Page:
Partial-leather boots are OK if they offer adequate ankle support for heavy loads off trail.

[  ] 3 pairs thick socks

Source: Campmor no. 19654 (Smartwool Expedition Trekking Socks)

[  ] 2 pair polypro liner socks

Source: Campmor no. 19902 (Fox River X-Static liner sock)

[  ] Blister prevention kit

Source: Drug store

Tip: Should include Vaseline, moleskin, and duct tape.

[  ] Gaiters

Source: Campmor no. 00171 (Outdoor Research Rocky Mountain Low (short) Gaiters)

Tip: Important for keeping boots free of blister-causing debris, mud, water, and snow.

[  ] River fording footwear

Tip: Nike Aqua Socks or Teva sandals work well.

[  ] Sleeping booties (optional)

Source: MEC no. 5006-079 (MEC Hut Booties with Hyperloft Synthetic Insulation)

Tip: Synthetic insulated (not down) booties are essential for sleeping warm in colder weather and keeping feet warm around camp.




[  ] 5,000 to 6,000 CI backpack

Source: Check out the women's Ariel (90) or the men's Aether (90) from Osprey at http://www.ospreypacks.com

Tip: Internal-frame packs are regarded by many to be the optimal pack for cross-country travel.

[  ] Waterproof pack cover

Source: Campmor no. 60858 (Silicone nylon pack cover)

[  ] 2 water-bottle/snack belt pouches

Source: Outdoor Research no. 34500 (Bottle Tote, unisulated); 33410 (Water Bottle Parka, inuslated)

Tip: These are essential for keeping a water bottle and snacks available for on-the-go consumption, thereby preventing dehydration and hypothermia.

[  ] Waterproof plastic bag pack liners

Source: Building supply stores; Wal-Mart

Tip: To keep the contents of your pack dry after an all-day rain or when partially immersed during a stream crossing, line pack compartments with heavy-duty contractor-type plastic bags, which are typically available at building supply stores. Individual stuff sacks should be lined with garbage-compactor-type plastic bags that are available at Wal-Mart where garbage compactors are sold, or .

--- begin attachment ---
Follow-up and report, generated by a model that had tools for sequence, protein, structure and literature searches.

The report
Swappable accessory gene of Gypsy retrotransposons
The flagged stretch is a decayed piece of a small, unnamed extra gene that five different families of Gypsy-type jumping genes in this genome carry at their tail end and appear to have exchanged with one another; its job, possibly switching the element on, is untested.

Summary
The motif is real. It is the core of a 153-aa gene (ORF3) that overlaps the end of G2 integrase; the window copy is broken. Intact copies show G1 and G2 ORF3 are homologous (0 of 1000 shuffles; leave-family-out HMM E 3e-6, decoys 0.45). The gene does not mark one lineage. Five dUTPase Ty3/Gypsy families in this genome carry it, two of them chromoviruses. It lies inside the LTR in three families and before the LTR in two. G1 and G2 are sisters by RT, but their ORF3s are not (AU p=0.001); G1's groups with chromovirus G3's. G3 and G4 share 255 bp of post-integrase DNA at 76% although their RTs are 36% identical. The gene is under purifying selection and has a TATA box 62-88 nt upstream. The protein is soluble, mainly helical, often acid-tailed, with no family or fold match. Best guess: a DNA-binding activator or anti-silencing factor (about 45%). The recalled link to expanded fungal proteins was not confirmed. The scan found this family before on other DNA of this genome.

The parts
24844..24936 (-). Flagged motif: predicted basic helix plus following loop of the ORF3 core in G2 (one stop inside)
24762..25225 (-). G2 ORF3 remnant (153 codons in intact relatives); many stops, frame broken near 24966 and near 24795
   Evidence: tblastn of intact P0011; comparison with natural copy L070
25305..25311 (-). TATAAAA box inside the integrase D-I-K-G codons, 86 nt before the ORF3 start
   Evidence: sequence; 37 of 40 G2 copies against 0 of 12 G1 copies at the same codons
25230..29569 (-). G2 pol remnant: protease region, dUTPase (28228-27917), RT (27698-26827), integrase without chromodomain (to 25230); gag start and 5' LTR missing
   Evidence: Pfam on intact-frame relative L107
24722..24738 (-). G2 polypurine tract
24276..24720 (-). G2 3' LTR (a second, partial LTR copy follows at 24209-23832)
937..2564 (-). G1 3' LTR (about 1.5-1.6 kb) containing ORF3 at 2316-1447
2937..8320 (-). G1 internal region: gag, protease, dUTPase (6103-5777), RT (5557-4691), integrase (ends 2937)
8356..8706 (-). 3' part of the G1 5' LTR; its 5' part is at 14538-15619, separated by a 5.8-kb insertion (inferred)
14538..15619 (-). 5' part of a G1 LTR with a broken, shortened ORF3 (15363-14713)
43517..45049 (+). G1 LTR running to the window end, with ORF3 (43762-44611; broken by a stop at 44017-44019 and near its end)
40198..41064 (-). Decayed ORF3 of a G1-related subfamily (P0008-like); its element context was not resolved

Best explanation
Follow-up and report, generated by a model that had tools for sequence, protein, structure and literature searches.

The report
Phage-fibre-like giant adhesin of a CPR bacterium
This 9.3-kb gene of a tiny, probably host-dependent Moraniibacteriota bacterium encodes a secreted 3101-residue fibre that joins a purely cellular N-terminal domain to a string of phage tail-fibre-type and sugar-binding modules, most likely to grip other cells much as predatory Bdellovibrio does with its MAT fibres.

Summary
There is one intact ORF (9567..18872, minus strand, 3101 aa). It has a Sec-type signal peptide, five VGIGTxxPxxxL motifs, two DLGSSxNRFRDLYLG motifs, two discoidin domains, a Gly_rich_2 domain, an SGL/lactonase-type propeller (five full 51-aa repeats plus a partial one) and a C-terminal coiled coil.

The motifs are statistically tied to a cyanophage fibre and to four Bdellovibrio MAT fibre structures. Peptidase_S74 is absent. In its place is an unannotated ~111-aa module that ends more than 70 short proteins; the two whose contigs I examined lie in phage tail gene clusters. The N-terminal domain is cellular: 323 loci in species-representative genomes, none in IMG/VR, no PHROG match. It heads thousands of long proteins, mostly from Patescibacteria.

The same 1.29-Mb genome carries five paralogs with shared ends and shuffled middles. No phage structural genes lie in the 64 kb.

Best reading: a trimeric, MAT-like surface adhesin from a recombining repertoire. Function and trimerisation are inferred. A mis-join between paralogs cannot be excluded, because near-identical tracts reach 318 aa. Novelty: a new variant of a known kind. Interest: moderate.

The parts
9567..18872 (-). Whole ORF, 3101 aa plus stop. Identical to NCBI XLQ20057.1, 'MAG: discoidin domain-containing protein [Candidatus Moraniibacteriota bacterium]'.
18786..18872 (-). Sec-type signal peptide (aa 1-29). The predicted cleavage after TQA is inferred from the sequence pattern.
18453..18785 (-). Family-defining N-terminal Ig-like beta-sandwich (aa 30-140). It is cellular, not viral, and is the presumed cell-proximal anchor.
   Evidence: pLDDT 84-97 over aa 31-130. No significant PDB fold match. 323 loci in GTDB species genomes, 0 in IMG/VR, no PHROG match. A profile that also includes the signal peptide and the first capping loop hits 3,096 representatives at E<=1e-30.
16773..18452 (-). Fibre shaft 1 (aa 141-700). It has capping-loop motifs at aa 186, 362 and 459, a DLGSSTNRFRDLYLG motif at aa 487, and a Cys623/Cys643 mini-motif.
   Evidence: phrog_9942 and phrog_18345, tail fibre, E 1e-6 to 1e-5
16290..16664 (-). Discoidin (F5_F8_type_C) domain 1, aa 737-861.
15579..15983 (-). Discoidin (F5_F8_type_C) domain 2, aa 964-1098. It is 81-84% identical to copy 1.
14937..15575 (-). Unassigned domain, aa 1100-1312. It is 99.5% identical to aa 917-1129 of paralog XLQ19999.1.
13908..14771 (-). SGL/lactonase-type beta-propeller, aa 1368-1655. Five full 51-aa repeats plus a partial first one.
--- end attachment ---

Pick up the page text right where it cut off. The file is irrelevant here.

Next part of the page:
Land navigation gear

Land navigation team members should see the land navigation page for a list of recommended equipment.


Hydration gear

[  ] Two, one-quart water bottles

Source: Campmor no. 80880 (Nalgene), or one-liter Mountain Dew bottles

[  ] One two-quart water bladder

Source: Campmor no. 12321 (2.4-liter Platypus collapsible water bladder) that weighs only one ounce (Campmor item 12321-D).

[  ] Water purification tablets w/neutralizer tablets

Source: Campmor no. 53038 (Potable Aqua)

[  ] Backup water purification tablets


Insect gear

[  ] One-ounce bottle of 100% DEET

Source: Campmor no. 82160 (Ben's Max 100% DEET)

[  ] Backup one-ounce bottle of 100% DEET

[  ] Head net

Source: Campmor no. 81276 (No-see-um head net)

[  ] Backup head net



Bivouac gear

[  ] Solo tent

Source: REI no. 682-293 (3 LB MSR Zoid 1) or 680-588 (3 LB Sierra Designs Light Year CD)

Tip: A solo tent should weigh 3 pounds or under to keep total pack weight down.

Hard-core alternative: 13-ounce 8' by 10' silicone impregnated nylon tarp (Source: Campmor no. 20069), 100 feet of very thin nylon cordage, and a highly breathable bug bivy (waterproof nylon ground cloth bottom sewn to roomy no-see-um netting at the bottom and along both sides).

[  ] Interior ground cloth

Source: Local building supply store or hardware store

Tip: Unconventional, but effective interior ground cloth always keeps you dry--Simply cut a piece of clear plastic or PVC tarp to the size of the floor, adding six inches all around for a bathtub effect. Conventional, but ineffective exterior ground cloth only keeps you dry while tent floor coating is very knew--Simply cut a piece of clear plastic or PVC tarp to the size of the floor and then trim off 3 or 4 inches on all sides to reduce chance of water getting between ground cloth and tent floor.

[  ] Small dining fly (for tent campers only)

Source: Campmor no. 20255 (4.75' by 7.5' ultralite poncho/shelter made from silicone-impregnated nylon)

Tip: If you're using a tent, the above poncho can be rigged as a shelter during the day or to eat under at night when it is raining. Requires 50 feet of 1/8 inch or thinner cordage for rigging.

[  ] 8 high-quality stakes